So for shits and giggles the other day, I decided to do a search in LinkedIn for people with my name Marc Meyer. I think I found 13. I thought,  in their infinite wisdom, that maybe they would appreciate linking to me. There was a teacher, a sales rep, another techy person, someone in real estate, and a fireman to name a few. I only got 2 people who agreed to do it, probabaly because they either a) got a little freaked out and thought it was a glitch in the LI system or b) don’t use LI that much or c) were worried about ID theft? d) did not appreciate the irony of linking to themselves…

Marc Meyer is now linked to Marc Meyer.

Odd to think that there are lots of “us” running around out there. But this thought led me to Google where I subsequently “Googled” my name and did a couple of searches on Reunion.com and PeopleFinders and came to find out that there are about 46 of my likenamed brethren running around.  Before you say anything else, I guarantee that YOU have “Googled” yourself at least once. In fact, I am willing to bet that some of you have RSS feeds set up to notify you when your name is mentioned somewhere. Relax, it’s no big deal. I’ve done the former but not the latter.

 Back to my point on why this is relevant?

I’ll tell you why. I have spoken on numerous occasions and in numerous blog posts and to numerous clients about what will happen in the social media space in the future. I have said that what you will see is the “nichefication” of the space. Where large social networks will splinter off into smaller distinct groups. It’s already happening, in fact if you look at the current number of networking groups within the social networking site of LinkedIn, you will see that there are currently roughly 24,000  distinct groups and counting! Thats smaller social networking groups within the environs of the larger ones.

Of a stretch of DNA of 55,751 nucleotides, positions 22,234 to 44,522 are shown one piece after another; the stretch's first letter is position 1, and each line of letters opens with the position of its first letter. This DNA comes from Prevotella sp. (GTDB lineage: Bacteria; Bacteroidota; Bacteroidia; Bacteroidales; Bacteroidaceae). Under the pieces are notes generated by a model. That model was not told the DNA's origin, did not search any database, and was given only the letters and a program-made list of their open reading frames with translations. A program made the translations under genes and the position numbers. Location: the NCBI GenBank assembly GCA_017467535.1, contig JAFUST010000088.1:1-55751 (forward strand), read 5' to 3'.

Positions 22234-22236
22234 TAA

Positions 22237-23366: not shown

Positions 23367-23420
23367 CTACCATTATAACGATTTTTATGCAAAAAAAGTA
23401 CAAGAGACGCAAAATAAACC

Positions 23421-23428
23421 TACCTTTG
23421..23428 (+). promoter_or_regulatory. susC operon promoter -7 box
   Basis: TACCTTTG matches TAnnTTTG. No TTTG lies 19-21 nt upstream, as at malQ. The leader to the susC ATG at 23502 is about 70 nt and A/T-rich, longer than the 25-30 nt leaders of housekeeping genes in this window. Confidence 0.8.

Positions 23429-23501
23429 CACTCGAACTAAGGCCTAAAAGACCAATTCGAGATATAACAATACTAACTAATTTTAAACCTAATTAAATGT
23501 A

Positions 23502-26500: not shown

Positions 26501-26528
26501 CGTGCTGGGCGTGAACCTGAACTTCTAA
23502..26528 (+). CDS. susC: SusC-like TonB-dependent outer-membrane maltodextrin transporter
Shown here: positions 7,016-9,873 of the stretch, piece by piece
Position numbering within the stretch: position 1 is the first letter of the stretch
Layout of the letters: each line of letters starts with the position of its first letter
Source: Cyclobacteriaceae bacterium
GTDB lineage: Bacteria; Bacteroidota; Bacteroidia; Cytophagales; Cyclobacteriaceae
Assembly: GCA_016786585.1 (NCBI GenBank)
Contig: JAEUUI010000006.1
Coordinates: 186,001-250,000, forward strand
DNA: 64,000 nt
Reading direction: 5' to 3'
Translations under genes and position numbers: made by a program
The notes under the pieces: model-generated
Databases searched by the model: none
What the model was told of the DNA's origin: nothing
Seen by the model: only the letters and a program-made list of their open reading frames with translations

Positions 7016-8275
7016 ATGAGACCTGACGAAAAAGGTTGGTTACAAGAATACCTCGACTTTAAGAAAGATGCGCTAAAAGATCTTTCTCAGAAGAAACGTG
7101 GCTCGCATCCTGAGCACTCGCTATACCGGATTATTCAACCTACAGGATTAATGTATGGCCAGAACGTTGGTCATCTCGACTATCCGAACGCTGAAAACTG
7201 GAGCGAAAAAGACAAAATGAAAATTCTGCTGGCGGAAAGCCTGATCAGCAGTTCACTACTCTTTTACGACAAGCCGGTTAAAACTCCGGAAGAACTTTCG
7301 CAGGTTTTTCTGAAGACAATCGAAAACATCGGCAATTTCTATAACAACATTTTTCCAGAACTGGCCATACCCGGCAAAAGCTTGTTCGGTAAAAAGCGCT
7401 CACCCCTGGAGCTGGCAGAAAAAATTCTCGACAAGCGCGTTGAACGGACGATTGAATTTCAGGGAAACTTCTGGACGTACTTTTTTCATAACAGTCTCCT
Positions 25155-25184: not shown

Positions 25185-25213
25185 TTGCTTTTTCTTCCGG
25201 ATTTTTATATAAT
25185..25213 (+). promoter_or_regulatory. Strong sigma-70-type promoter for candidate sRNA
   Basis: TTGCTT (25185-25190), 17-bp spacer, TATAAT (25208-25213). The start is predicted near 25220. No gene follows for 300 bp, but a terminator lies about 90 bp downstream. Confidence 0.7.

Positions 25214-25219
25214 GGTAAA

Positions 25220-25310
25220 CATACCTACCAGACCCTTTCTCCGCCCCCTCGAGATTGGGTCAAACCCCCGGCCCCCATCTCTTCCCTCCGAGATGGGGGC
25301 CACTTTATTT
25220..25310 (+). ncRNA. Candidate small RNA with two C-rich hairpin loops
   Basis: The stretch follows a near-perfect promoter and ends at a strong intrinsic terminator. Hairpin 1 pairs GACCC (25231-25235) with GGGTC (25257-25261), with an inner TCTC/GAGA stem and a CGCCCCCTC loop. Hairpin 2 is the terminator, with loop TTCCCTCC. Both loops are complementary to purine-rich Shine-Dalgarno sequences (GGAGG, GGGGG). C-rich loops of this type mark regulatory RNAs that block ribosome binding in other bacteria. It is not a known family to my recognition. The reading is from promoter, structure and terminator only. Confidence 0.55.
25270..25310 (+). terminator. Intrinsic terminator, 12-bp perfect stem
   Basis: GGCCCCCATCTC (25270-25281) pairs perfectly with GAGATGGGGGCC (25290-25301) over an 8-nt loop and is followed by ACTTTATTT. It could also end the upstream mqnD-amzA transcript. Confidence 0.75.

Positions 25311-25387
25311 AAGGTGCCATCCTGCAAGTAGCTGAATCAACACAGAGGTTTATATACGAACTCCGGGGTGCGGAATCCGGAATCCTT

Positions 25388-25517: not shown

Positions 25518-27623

What does this have to do with me and my 46 counterparts?

Well in theory, we all have something in common, in this case, my name. So in theory, it might be worth it to network with people who have my exact name. Maybe not, since I haven’t really thought through the whole identity theft thing. But what could a social networking group consisting of 46 people with the same exact name do? Maybe not much, but they do have something very in common and that is essentially how people are now coming together today, as we speak, in these groups. They find a common thread or link and they build upon it. Through these connections, things happen. Conversations are started and relationships occur. As I have said in the past, we all want to run with our pack, our brood, our peeps. There is a comfort level that is there with people of like minds and backgrounds, so what is more common a starting point than your name?